We don't know what the future holds, so it's important to have a law on copyrights that is technologically neutral, I think that's been heard often enough today. So a technologically neutral law that would give rights holders income no matter what platform is used by the consumers. Don't confuse freedom of access by the web and free content on the web.
And in the end like that, repeating ourselves, as mentioned by Mrs. Lemarre, in '08, 40 billion music song were downloaded illegally in the world. This represents 95% of the total of downloaded music.
So the Canadian government has to help us to find and to implement effective tools first to control the exploitation of content no matter which platform so that rights holders whether they're authors, singers or whatever will be respected. And second, to marginalise as much as possible or stop illegal access to protected content. It's clear that in the implementation of tools ISP's have an important role to play.
They will have to be part of a solution and as other stakeholders, they can't just watch the parade go by, that's clear. The content creators need to sit down together to find the solution. However if this search for solution does not yield results we invite the government to impose measures so that ISP's will be held accountable.
Now in terms of, the law is not up to date in terms of copyright. I won't dwell on this. But it's clear that digital recorders like iPod's are the most popular supports to download and keep music. So we need to broaden the number of covered supports otherwise the system will die. A bill that will resist to time needs to offer as much as flexibility as possible to reflect the evolution of the market.
And finally, the law in terms of fair dealing, it has exemption of royalties of radio stations on part of their advertising income. So radio stations don't pay royalties on advertising income below $1.5 million. This exemption must be withdrawn. As mentioned by the copyright commission in one of it's rulings, and I'm quoting, allow the big broadcasters who have important profits to escape from paying royalties on any portion of their income is at best a hidden subsidy.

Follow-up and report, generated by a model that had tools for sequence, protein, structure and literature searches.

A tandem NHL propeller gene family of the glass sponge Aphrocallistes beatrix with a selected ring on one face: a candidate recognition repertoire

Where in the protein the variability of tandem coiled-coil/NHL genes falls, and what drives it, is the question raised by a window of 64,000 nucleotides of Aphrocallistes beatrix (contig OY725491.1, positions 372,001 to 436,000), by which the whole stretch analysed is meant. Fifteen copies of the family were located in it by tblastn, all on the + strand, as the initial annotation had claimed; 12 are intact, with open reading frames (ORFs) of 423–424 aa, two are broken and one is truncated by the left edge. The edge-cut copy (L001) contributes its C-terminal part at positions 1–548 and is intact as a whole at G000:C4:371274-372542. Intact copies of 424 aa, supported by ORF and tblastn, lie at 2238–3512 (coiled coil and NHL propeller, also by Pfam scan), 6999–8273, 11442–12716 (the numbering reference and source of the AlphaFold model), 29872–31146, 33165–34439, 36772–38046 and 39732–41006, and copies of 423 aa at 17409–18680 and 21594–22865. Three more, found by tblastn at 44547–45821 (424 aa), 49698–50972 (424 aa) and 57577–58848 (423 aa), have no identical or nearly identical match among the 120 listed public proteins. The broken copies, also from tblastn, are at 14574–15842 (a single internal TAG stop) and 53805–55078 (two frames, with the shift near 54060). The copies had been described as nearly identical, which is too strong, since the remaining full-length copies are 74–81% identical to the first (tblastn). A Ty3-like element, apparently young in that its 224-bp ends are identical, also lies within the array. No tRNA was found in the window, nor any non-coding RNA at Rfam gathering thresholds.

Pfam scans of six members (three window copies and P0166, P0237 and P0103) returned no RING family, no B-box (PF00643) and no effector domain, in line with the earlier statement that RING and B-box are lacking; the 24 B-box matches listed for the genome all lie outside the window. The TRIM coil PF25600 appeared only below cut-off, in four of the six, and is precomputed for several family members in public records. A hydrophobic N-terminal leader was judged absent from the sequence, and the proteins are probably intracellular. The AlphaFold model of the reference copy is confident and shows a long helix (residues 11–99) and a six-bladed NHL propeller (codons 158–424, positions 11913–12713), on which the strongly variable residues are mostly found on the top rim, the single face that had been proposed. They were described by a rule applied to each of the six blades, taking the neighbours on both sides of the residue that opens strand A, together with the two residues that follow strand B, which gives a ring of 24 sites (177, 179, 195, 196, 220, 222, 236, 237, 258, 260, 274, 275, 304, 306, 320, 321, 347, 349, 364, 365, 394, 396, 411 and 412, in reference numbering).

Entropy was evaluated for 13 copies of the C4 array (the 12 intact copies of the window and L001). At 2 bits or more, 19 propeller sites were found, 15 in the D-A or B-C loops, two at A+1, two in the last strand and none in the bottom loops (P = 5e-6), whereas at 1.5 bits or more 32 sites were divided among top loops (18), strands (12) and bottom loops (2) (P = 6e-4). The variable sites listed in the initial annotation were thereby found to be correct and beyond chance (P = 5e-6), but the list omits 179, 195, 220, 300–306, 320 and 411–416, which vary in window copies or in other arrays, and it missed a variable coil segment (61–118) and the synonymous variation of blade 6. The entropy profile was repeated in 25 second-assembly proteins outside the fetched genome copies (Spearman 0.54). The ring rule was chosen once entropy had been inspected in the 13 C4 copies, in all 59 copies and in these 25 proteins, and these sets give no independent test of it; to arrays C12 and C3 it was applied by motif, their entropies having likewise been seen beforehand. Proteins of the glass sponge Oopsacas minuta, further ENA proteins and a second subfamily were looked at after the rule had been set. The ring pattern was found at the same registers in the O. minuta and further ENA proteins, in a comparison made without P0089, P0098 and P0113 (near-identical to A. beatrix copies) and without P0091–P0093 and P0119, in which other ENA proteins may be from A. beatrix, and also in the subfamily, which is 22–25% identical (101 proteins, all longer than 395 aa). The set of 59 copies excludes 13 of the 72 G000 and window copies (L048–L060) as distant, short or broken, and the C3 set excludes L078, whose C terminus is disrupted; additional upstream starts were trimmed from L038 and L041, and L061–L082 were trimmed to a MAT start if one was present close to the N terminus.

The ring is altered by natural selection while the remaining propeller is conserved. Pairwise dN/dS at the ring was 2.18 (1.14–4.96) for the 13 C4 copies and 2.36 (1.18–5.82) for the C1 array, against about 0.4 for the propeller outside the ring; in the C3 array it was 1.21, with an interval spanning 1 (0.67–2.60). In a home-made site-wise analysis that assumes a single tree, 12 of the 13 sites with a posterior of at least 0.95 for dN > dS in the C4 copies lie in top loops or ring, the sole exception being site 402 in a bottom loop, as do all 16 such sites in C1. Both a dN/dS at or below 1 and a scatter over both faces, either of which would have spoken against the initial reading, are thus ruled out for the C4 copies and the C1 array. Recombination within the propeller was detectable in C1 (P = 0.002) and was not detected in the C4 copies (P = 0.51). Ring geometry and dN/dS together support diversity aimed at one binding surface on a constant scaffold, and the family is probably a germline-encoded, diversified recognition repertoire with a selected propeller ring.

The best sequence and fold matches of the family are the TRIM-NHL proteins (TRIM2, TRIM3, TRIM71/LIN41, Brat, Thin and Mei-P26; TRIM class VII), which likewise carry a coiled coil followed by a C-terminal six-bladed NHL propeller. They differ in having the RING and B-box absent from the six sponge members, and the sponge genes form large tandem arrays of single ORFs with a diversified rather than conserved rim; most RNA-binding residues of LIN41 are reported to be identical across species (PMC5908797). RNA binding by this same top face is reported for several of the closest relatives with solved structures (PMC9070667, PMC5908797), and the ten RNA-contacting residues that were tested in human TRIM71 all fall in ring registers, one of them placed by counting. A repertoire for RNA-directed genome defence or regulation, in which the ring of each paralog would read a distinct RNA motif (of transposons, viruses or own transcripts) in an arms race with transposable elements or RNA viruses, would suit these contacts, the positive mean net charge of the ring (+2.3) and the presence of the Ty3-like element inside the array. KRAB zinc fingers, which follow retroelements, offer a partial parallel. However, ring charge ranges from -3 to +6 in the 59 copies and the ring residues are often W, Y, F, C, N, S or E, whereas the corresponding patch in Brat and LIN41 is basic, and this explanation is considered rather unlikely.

This exemption means tens of thousands of dollars are lost to right holders and music is nevertheless an important proportion of their air time and has an important role to play in their financial success. This is why after ten years, after the neighbouring rights regime we are asking the government to withdraw this exemption and therefore give it's true meaning to fair dealing. Thank you.
Jean Chabot: (Translator speaking) Good afternoon Mr. Minister. I want to welcome you to our beautiful city of Quebec and thank you for coming in person for this public consultation. My name is Jean Chabot, I'm director manager and a librarian for the National Assembly Library in Quebec City. But today I'm going to wear another hat. I'm mandated by Mr. Philippe Sauvageau (ph) who is the former president of the ASTED, Association of Documentary Technicians, an organization that has librarians, documentalists(ph) and documentation technicians here in Quebec.
I want to mention that I want to reflect the point of view of libraries and talk about the exceptions in the existing law on the fair use of a work by libraries, articles 19 and 20 of the existing law.
I believe that the legislator will have to take into account the ruling by the Supreme Court in CCH against the Upper Canada Bar. The unanimous ruling of the court puts the users at the heart of the process while inviting the rights holders to hold back somewhat. During the drafting of the next law the idea of fair use will have to be clarified as well as its application conditions in order to have a greater clarity and precision, avoiding gray areas and abusive interpretation that leads use of tribunals to adjucate(ph) in terms of everyone's rights, in terms of what is a client, what is communication of a work, what is digitisation and so on.
Libraries have to be able to realize their mandate as effectively as possible because almost all of them work with public funds, therefore the exceptions in the law must remain all the while clarifying their scope in order to balance the, between the monopoly given to rights holders for the commercial exploitation of their works without being prejudiced to users and libraries.